Reading Primary Documents

Primary sources are the building blocks of historical analysis.  Examples include memoirs, letters, journals, paintings, photos, cartoons, movies, songs, government documents, newspapers and magazines, material culture, buildings and landscapes, etc.  They should be evaluated critically for their usefulness and reliability.  As you read primary documents for the class, you should consider the following questions in evaluating their usefulness:

  • What kind of source is it (memoir, newspaper/magazine report, government document, diary, photograph, material item, etc.)?  Was the source published or intended for public consumption?

  • Who was the author of the source?  What do we know about them?  What sort of person do they seem to have been?  What was their gender and racial/ethnic background?  What were their political and religious affiliations?  What did the author do for a living?  What social class did they come from and what was their status in the society they lived in?  How are these characteristics reflected in the source and how might they influence how we evaluate it?  What biases do you see in the source? 

  • What were the author's motives in producing the source?  Did they write it with the intention that it would be published?  Do you perceive a specific agenda that the author had in producing the source?  Are they trying to persuade the reader of something?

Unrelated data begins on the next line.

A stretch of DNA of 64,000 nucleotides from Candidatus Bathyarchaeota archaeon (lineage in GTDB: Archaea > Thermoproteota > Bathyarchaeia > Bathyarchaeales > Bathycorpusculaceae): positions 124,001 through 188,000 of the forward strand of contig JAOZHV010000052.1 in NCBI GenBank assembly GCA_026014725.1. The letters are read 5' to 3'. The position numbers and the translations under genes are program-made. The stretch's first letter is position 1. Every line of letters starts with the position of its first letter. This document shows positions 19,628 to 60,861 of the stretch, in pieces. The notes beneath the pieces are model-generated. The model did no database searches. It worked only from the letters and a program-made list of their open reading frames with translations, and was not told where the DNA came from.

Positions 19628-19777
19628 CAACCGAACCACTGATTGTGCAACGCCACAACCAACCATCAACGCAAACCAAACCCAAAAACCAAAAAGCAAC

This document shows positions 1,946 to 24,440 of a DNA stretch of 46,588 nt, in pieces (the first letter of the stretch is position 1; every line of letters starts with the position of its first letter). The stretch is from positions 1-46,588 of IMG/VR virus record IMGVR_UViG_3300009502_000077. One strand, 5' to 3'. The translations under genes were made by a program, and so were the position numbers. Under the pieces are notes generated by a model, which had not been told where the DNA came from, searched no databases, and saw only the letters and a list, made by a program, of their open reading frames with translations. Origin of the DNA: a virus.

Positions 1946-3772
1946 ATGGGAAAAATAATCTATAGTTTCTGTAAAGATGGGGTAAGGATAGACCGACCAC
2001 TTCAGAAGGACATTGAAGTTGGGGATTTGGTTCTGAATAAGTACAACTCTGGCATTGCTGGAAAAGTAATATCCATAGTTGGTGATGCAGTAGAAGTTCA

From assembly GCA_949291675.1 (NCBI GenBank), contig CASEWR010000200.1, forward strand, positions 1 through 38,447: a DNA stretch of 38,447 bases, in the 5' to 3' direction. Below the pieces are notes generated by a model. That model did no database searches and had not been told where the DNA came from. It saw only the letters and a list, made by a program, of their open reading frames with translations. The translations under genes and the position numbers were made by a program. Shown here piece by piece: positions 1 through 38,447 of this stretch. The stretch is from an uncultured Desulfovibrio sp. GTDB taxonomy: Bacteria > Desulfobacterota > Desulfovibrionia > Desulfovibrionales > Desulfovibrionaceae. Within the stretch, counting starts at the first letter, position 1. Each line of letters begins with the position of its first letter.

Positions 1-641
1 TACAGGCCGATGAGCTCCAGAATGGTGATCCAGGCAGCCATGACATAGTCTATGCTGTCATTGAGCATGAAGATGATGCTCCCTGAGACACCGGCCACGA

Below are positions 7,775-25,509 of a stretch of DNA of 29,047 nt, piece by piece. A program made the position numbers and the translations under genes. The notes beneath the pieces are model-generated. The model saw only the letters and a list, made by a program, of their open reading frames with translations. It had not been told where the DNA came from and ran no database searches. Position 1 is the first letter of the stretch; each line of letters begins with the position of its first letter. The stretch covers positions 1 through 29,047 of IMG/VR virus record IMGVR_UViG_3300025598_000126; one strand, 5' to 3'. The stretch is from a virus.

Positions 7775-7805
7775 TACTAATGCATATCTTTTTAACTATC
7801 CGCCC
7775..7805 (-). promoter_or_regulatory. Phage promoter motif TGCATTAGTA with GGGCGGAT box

• Who was the audience for the source?  Was the source written for a public audience or for private colleagues or friends?  How might the type of audience it was aimed at influence how we evaluate the document's reliability?

  • What was the historical context in which the source was produced?  What was going on in the background as the author was writing this document?  Was the document produced at the same time as the events that it describes or significantly later? 

  • Do other primary sources from the same period, or historians' interpretations since then, support or contradict the information in the document you are examining?  How reliable does the document seem to be as a source in understanding a particular topic?  If there is a discrepancy with other accounts of the topic or event, how might this be explained?

A useful guide to evaluating different types of sources that historians use is available HERE.